Medscape is available in 5 Language Editions – Choose your Edition here.


Holocarboxylase Synthetase Deficiency Follow-up

  • Author: Karl S Roth, MD; Chief Editor: Luis O Rohena, MD  more...
Updated: Nov 03, 2015

Further Outpatient Care

With regular biotin administration, frequent follow-up visits to a specialist should not be required for patients with holocarboxylase synthetase (HCS) deficiency.

Growth and development should be closely observed to address residual morbidity from the initial insult.


Inpatient & Outpatient Medications

Biotin is the only medication necessary for treatment.



Prolonged failure to adhere to the daily biotin requirement results in an insidious onset of the underlying disease, with potentially life-threatening consequences.



Early and consistent treatment allows for an excellent prognosis.


Patient Education

Families must not become sanguine during biotin administration because affected infants appear so healthy.

Teenaged patients often rebel against taking daily medication, despite the fact that biotin is an odorless, tasteless capsule.

Contributor Information and Disclosures

Karl S Roth, MD Retired Professor and Chair, Department of Pediatrics, Creighton University School of Medicine

Karl S Roth, MD is a member of the following medical societies: Alpha Omega Alpha, American Academy of Pediatrics, American College of Nutrition, American Pediatric Society, American Society for Nutrition, American Society of Nephrology, Association of American Medical Colleges, Medical Society of Virginia, New York Academy of Sciences, Sigma Xi, Society for Pediatric Research, Southern Society for Pediatric Research

Disclosure: Nothing to disclose.

Specialty Editor Board

Mary L Windle, PharmD Adjunct Associate Professor, University of Nebraska Medical Center College of Pharmacy; Editor-in-Chief, Medscape Drug Reference

Disclosure: Nothing to disclose.

Margaret M McGovern, MD, PhD Professor and Chair of Pediatrics, Stony Brook University School of Medicine

Margaret M McGovern, MD, PhD is a member of the following medical societies: American Academy of Pediatrics, American Society of Human Genetics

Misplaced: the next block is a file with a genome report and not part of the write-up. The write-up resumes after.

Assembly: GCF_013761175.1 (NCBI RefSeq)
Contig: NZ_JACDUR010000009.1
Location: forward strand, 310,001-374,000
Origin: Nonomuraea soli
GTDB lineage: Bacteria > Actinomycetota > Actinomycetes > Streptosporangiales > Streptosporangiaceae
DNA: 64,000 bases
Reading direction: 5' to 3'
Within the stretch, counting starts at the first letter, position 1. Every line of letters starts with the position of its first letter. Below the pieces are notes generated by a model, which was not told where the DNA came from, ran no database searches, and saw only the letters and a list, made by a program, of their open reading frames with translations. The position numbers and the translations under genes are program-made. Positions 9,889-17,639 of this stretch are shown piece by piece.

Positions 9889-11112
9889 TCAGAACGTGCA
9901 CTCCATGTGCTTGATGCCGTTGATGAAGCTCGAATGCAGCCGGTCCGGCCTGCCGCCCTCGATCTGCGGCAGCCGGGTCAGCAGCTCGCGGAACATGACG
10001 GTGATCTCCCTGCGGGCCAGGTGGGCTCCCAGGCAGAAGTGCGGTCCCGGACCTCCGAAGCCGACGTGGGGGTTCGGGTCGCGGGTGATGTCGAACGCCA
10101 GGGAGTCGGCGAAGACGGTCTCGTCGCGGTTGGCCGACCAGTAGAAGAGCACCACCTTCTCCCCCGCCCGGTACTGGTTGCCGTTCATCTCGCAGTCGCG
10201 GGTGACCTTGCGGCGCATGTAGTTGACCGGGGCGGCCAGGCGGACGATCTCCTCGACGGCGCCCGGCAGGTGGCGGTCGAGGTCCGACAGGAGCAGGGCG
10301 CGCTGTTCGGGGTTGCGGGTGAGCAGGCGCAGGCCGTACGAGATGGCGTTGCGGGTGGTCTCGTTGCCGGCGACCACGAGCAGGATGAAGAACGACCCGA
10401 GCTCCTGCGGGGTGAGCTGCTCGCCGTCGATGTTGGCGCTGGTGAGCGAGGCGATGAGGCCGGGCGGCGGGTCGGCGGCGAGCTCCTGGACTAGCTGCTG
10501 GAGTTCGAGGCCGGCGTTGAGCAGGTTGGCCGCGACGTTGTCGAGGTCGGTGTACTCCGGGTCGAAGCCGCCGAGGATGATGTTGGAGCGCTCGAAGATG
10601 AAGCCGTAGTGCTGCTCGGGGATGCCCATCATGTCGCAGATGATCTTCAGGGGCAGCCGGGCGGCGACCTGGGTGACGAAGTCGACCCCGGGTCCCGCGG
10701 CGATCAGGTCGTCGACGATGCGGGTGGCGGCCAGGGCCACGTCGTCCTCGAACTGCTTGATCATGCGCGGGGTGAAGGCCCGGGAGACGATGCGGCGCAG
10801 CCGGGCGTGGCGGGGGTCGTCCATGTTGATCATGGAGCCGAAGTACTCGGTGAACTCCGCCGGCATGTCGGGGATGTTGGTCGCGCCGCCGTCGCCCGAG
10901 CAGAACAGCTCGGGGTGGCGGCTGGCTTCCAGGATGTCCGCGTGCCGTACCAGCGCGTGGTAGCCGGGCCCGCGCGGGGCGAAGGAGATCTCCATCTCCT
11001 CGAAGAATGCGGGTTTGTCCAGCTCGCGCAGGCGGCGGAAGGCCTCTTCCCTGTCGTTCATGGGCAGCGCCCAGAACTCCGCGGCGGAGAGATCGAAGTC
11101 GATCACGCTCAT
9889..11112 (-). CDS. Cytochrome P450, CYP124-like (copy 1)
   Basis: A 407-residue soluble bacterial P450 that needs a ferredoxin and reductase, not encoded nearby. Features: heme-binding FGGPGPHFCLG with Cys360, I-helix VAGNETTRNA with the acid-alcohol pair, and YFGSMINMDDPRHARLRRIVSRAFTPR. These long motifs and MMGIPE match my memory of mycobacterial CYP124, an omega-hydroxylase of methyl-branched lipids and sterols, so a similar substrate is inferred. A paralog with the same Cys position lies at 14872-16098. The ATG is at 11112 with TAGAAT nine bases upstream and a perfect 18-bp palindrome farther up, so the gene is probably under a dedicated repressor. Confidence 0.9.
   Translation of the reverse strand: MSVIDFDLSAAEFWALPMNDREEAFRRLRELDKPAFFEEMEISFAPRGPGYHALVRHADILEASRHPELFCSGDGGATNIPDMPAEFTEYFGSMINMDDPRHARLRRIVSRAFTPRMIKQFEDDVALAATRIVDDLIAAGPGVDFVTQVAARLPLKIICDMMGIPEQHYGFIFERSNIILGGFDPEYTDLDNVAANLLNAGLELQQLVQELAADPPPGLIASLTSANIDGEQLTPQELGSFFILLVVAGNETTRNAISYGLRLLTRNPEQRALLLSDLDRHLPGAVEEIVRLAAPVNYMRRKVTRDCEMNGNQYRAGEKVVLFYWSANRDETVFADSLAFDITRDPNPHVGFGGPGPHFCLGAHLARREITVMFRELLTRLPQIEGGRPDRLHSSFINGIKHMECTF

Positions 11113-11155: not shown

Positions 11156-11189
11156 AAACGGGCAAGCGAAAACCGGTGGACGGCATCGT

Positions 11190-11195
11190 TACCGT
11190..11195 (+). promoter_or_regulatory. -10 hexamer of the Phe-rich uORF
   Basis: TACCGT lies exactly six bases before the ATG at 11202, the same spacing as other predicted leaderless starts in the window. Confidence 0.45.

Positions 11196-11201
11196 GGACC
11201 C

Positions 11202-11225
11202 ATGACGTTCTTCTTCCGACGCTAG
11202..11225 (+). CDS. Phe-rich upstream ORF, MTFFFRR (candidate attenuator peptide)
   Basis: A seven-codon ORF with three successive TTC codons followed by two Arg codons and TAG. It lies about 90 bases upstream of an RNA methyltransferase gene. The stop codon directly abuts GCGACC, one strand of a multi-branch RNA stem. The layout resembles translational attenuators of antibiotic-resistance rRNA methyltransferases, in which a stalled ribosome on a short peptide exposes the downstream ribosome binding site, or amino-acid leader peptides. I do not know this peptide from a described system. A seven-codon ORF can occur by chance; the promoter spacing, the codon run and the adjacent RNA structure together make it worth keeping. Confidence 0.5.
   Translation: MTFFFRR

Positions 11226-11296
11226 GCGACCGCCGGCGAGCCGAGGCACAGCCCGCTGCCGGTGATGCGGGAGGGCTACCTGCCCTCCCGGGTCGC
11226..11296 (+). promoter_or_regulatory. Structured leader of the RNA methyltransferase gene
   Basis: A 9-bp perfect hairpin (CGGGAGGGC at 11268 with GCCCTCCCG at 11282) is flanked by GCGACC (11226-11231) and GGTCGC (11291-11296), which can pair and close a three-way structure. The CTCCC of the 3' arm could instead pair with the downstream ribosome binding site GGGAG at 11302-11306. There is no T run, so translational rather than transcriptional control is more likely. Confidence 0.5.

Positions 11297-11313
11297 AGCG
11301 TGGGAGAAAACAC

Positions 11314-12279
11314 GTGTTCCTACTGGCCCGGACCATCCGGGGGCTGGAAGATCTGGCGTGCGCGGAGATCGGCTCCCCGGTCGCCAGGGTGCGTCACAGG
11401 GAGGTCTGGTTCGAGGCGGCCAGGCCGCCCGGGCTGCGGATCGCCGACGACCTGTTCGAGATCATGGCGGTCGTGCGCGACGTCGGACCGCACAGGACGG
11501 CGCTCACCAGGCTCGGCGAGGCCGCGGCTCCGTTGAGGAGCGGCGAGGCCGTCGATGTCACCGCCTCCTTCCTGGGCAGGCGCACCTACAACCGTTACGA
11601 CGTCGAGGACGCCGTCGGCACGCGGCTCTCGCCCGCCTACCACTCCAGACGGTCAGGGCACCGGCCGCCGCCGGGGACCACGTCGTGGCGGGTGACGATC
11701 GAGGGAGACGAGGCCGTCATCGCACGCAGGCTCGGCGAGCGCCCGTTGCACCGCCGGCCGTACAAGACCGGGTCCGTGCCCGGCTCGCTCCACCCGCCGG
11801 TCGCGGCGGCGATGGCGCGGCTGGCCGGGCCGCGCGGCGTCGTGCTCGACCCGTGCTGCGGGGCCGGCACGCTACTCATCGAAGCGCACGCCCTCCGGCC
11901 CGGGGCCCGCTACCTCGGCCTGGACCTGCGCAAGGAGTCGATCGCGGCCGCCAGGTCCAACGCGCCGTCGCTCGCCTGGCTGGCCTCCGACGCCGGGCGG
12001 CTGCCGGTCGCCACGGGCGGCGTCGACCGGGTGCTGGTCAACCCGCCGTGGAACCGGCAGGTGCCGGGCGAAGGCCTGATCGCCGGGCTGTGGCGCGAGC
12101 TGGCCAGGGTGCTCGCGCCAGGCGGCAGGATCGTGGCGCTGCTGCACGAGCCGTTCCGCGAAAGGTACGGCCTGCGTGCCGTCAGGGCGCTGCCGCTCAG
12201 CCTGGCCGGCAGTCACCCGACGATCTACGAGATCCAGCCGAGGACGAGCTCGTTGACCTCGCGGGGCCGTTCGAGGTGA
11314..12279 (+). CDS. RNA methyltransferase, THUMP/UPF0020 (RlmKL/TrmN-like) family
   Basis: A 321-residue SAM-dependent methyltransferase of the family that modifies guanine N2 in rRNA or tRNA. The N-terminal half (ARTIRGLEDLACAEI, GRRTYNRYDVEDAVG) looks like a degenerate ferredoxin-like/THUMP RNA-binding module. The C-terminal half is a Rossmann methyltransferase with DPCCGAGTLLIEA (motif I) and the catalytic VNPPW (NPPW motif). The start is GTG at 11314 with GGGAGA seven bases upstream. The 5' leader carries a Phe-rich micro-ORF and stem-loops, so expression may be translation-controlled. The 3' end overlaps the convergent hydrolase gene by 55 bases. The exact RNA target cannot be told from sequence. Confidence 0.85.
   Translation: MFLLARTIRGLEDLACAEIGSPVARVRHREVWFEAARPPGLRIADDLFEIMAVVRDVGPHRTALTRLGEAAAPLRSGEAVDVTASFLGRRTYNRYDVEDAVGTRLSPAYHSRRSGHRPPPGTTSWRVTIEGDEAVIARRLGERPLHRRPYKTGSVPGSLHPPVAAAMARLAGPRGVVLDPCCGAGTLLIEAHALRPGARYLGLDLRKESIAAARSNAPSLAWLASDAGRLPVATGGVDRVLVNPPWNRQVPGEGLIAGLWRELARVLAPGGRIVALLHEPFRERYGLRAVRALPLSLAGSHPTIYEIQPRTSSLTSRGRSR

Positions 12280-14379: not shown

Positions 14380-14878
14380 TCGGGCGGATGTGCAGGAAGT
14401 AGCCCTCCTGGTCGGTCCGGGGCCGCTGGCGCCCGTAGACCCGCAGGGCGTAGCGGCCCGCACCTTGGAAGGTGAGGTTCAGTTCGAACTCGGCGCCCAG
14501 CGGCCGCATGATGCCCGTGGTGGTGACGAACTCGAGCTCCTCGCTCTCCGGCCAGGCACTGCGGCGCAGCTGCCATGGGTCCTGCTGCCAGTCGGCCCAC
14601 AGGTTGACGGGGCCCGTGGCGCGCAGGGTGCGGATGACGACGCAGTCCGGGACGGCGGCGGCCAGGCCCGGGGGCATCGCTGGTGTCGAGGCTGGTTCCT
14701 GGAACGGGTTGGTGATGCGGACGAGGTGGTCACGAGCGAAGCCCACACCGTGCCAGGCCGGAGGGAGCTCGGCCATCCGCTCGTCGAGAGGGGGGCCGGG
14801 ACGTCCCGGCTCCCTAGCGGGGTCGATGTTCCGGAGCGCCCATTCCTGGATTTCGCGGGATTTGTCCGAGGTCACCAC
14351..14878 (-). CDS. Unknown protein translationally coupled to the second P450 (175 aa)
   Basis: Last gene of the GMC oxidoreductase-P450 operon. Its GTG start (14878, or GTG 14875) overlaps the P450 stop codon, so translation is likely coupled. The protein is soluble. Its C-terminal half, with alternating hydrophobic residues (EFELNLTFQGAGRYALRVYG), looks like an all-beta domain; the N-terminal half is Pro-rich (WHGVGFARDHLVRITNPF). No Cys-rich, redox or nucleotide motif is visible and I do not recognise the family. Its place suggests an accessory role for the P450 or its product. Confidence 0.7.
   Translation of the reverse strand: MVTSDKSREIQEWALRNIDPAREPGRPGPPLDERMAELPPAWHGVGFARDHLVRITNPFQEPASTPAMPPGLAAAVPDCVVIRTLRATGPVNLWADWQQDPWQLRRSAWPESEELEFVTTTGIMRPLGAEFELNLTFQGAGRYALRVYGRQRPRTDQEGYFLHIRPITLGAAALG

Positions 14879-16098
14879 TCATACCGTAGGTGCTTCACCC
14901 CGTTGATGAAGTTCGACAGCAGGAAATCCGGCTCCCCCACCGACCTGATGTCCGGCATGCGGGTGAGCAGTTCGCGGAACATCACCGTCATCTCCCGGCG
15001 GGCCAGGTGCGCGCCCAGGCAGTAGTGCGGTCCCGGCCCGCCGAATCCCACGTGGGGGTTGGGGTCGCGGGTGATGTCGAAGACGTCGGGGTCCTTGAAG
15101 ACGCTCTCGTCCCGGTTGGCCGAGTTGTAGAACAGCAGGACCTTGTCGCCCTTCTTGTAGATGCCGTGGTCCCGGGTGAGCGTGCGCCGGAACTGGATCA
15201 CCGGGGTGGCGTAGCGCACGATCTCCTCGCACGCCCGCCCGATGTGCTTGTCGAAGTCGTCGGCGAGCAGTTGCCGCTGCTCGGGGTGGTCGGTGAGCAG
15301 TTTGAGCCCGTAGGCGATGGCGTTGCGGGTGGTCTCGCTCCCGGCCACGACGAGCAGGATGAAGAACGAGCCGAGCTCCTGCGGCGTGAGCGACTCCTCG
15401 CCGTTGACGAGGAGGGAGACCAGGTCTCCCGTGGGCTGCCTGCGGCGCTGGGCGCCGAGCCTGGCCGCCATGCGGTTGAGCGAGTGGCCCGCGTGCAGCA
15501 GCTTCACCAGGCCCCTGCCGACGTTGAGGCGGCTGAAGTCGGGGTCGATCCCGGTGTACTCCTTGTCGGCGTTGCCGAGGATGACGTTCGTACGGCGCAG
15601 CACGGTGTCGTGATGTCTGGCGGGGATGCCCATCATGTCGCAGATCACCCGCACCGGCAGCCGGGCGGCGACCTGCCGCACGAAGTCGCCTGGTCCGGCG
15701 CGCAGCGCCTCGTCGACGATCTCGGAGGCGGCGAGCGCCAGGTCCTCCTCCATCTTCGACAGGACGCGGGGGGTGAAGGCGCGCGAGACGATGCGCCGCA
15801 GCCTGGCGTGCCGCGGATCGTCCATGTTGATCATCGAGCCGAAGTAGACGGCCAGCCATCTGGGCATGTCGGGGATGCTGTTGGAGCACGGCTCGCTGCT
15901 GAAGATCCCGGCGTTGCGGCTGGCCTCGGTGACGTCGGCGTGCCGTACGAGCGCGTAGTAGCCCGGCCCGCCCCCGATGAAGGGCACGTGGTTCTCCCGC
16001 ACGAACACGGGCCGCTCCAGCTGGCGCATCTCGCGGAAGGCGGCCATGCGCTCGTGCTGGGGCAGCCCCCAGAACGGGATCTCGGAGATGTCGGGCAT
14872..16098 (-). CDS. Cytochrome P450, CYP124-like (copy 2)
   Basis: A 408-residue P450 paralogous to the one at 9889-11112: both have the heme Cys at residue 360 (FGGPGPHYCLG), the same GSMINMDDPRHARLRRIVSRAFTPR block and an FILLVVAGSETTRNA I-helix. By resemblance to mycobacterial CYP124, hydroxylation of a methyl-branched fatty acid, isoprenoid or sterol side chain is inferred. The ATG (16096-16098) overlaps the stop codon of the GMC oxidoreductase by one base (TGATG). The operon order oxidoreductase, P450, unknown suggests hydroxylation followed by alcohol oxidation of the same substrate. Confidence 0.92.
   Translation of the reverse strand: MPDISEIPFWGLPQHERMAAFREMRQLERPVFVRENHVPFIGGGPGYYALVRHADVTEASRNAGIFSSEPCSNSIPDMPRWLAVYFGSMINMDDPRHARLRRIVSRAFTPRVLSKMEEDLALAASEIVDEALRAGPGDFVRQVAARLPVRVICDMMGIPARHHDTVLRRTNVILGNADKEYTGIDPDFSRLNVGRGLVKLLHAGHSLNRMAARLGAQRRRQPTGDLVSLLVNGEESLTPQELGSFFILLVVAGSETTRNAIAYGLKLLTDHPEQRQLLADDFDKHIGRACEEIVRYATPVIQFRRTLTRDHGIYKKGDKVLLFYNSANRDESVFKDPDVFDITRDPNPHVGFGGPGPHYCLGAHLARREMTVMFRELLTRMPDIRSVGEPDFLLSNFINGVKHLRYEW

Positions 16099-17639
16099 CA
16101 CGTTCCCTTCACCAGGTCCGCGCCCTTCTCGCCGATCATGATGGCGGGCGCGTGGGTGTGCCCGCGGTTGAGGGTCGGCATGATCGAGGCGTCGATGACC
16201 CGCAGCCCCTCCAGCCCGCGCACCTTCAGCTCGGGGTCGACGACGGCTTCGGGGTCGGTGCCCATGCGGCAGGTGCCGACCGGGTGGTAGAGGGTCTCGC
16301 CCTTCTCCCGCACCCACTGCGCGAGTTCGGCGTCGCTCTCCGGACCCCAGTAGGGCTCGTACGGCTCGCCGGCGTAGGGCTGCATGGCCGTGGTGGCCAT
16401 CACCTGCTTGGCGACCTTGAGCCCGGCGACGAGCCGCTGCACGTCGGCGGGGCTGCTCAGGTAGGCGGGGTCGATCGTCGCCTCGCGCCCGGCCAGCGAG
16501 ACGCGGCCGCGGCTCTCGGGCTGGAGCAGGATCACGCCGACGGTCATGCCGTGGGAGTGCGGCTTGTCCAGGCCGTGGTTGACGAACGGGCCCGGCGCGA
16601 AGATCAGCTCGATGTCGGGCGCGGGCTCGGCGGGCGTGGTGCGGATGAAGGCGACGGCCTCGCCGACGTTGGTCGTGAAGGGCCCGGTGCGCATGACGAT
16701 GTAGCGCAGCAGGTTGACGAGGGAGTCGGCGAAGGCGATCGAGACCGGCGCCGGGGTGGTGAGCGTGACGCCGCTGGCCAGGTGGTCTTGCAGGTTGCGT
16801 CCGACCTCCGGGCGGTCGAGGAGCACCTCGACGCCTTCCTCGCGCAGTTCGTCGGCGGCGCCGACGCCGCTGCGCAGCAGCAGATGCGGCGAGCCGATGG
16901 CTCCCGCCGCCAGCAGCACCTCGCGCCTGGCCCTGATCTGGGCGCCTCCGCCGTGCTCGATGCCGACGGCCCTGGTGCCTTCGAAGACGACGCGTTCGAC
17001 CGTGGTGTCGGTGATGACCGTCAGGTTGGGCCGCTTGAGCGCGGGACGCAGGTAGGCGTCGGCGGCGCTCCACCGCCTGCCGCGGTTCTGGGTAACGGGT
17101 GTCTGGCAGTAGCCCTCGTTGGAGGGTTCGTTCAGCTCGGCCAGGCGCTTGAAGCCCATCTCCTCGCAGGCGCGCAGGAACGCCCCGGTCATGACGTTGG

Disclosure: Nothing to disclose.

Chief Editor

Luis O Rohena, MD Chief, Medical Genetics, San Antonio Military Medical Center; Assistant Professor of Pediatrics, Uniformed Services University of the Health Sciences, F Edward Hebert School of Medicine; Assistant Professor of Pediatrics, University of Texas Health Science Center at San Antonio

Luis O Rohena, MD is a member of the following medical societies: American Academy of Pediatrics, American Chemical Society, American College of Medical Genetics and Genomics, American Society of Human Genetics

Disclosure: Nothing to disclose.

Additional Contributors

Christian J Renner, MD Consulting Staff, Department of Pediatrics, University Hospital for Children and Adolescents, Erlangen, Germany

Disclosure: Nothing to disclose.

  1. Roth K, Cohn R, Yandrasitz J, Preti G, Dodd P, Segal S. Beta-methylcrotonic aciduria associated with lactic acidosis. J Pediatr. 1976 Feb. 88(2):229-35. [Medline].

  2. Saunders M, Sweetman L, Robinson B, Roth K, Cohn R, Gravel RA. Biotin-response organicaciduria. Multiple carboxylase defects and complementation studies with propionicacidemia in cultured fibroblasts. J Clin Invest. 1979 Dec. 64(6):1695-702. [Medline].

  3. Roth KS, Yang W, Foremann JW, Rothman R, Segal S. Holocarboxylase synthetase deficiency: a biotin-responsive organic acidemia. J Pediatr. 1980 May. 96(5):845-9. [Medline].

  4. Burri BJ, Sweetman L, Nyhan WL. Mutant holocarboxylase synthetase: evidence for the enzyme defect in early infantile biotin-responsive multiple carboxylase deficiency. J Clin Invest. 1981 Dec. 68(6):1491-5. [Medline].

  5. Wolf B, Grier RE, Parker WD Jr, Goodman SI, Allen RJ. Deficient biotinidase activity in late-onset multiple carboxylase deficiency. N Engl J Med. 1983 Jan 20. 308(3):161. [Medline].

  6. Tammachote R, Janklat S, Tongkobpetch S, Suphapeetiporn K, Shotelersuk V. Holocarboxylase synthetase deficiency: novel clinical and molecular findings. Clin Genet. 2010 Jul. 78(1):88-93. [Medline].

  7. Zempleni J, Li Y, Xue J, Cordonier EL. The role of holocarboxylase synthetase in genome stability is mediated partly by epigenomic synergies between methylation and biotinylation events. Epigenetics. 2011 Jul. 6(7):892-4. [Medline]. [Full Text].